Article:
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The primer on fashion marketing in times of pandemic 

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The primer on fashion marketing in times of pandemic 

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When the Covid-19 pandemic hit in the spring of 2020, many fashion companies had to put their campaigns on hold. It was no longer possible to gather creative teams, directors, photographers, or models in person. So companies quickly had to get creative.

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Some brands made the choice to send items from their new collection to models and influencers asking them to be creative and use what they had at their disposal, hoping that the result would be good. This was, for many brands, the first time they ceded creative control to a model or influencer.

In the end, some of these campaigns, although homemade, went viral and were very successful. While others didn't quite hit the mark. This begs the question: have brands adopted a new global marketing strategy? And is this model worth including in future marketing strategies?

Between cultural relevance and Instagram likes, you have to choose

For Laura Lanteri, creative director and consultant at LLNYC Worldwide, a global marketing firm based in New York, this strategy is short-lived and essentially only serves to produce results in terms of metrics, data, and engagement on social networks. She says, "In my opinion, a campaign is truly successful when it becomes part of the everyday conversation when it becomes part of our cultural landscape. Influencer marketing doesn't have the power to do that. It all depends on what we decide to focus on: cultural relevance or Instagram likes."

However, with the growth of social networks like Instagram and the ability for almost anyone to create or access content, a real shift in consumer demand has occurred over the past decade. A shift that places more value on image and realistic storytelling, as opposed to the perfection, or at least the illusion of perfection, peddled by the fashion industry over the past century.

It's a very one-sided illusion, Laura points out. According to her, "Fashion has been, for decades now, the custodian and promoter of highly biased narratives centered on a Euro-centric standard of beauty and unattainable standards set for white people. This was built and designed to be unattainable. It wasn't perfection, it was racism and discrimination. People are tired of being denigrated, criticized for submission. When they look at fashion, I think they want to see themselves realistically. And we are far from that."

The need to balance reality and perfection in a pluralistic society then creates tension for brands as they want to maintain as much control over their positive image as possible, but also want to create an authentic connection and engage in two-way conversations with their customers. There are several examples of brands that are at both extremes: one thinks of Chanel's reluctance to allow its customers to use its name on social networks and the other side Marc Jacobs and Burberry that solicit and distribute user-generated content.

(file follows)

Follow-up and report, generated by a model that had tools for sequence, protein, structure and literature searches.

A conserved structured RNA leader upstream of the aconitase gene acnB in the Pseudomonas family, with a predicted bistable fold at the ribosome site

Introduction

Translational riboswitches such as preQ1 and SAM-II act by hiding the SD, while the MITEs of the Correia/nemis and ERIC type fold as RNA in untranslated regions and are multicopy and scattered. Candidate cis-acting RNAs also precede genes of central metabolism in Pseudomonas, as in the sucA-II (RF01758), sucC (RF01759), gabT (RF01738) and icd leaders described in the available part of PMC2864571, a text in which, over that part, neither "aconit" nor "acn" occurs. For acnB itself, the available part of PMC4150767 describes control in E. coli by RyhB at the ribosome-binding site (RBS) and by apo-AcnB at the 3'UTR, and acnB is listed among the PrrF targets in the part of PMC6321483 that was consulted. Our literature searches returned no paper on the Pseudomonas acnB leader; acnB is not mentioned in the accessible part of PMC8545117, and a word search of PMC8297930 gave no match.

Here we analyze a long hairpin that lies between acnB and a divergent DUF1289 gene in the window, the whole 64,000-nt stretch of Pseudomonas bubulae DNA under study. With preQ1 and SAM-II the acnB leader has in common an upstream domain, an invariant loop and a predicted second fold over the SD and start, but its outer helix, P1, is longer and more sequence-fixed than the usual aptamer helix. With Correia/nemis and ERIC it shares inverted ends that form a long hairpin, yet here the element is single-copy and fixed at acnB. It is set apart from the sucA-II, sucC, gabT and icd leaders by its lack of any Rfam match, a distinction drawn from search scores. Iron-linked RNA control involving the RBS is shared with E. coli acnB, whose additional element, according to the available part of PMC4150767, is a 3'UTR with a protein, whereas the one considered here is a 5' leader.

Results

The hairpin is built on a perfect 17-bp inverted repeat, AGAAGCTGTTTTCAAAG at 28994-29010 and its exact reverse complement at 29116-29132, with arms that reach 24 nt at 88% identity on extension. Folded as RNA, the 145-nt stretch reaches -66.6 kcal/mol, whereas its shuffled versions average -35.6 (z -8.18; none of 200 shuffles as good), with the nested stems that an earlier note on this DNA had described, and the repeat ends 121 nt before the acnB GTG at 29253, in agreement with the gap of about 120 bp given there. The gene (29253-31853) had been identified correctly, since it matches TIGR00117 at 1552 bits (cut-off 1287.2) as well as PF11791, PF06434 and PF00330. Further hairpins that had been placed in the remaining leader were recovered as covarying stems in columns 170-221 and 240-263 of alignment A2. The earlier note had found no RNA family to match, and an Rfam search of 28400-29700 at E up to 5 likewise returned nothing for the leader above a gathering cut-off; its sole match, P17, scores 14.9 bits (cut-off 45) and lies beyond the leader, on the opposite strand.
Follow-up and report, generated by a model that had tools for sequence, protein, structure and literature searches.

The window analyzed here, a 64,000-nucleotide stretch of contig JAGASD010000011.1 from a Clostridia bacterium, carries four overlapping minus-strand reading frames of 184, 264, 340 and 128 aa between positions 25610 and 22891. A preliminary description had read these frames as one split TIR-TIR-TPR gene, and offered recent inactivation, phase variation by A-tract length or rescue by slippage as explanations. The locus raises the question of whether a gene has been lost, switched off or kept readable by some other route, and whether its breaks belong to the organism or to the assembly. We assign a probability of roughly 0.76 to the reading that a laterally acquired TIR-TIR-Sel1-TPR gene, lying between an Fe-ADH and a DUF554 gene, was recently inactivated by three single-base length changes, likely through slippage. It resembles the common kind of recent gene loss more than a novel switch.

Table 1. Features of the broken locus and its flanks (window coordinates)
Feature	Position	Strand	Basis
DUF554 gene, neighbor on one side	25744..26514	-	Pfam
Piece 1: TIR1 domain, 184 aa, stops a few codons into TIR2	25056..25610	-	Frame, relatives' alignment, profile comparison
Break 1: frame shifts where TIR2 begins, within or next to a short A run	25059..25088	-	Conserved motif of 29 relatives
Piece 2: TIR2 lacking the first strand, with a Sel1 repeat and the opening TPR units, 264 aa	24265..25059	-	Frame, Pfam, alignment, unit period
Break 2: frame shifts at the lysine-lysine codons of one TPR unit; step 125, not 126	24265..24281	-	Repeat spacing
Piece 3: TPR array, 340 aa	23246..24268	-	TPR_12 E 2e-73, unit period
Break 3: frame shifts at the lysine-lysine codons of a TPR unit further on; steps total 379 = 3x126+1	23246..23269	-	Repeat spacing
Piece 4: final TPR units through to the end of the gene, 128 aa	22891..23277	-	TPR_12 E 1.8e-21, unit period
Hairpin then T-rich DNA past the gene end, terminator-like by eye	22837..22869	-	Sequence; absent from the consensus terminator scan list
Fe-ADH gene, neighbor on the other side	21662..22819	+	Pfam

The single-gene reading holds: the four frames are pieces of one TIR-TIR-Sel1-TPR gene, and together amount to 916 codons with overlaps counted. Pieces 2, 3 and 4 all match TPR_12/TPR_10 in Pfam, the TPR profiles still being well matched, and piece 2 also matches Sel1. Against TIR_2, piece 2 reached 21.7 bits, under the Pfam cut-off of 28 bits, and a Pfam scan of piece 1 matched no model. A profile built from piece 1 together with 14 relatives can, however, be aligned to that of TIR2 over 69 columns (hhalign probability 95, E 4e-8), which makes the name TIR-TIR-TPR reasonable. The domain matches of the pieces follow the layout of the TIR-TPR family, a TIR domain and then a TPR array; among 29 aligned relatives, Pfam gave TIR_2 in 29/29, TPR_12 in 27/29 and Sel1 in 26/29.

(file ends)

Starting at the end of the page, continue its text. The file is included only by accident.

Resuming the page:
One might wonder how fashion brands, especially those who want to make sure their DNA is not denigrated, will approach this new strategy? But for Laura, the question is not there. She explains, "I think customers will ask themselves, 'What does Chanel have to add to my life today? Why am I engaging with this brand? What are they doing for me and are they aligning with my values?"

Laura remembers Meryl Streep's famous monologue about "cerulean blue" in the movie The Devil Wears Prada. In this scene, her character describes how fashion insiders dictate trends for the general public. Laura says, "I love this scene so much because it sums up everything that needs to change in luxury today. The days of talking to an audience are over. I think it's time to listen.

In an era driven primarily by data, the emphasis on listening is essential for today's creative director. It is then his or her role to edit and manage that message in a way that makes sense for the brand. Laura notes, "I think creativity and original thinking will be more important than ever. It will be crucial to get back to create roles that are not solely driven by sales and profit forecasts, although that is really hard to imagine. The role of the creative director will involve decolonizing the fashion narrative as much as creating a new language."

She recommends that creative directors take an introspective look, much more so than they have in the past while asking the central question: "How can we make people feel good about themselves? How can we encourage them? And can we make everyone feel seen and heard?"

She realizes that rethinking the foundations of fashion advertising and marketing will be a difficult and ongoing process. She concludes, "I think the times ahead will be very interesting!"

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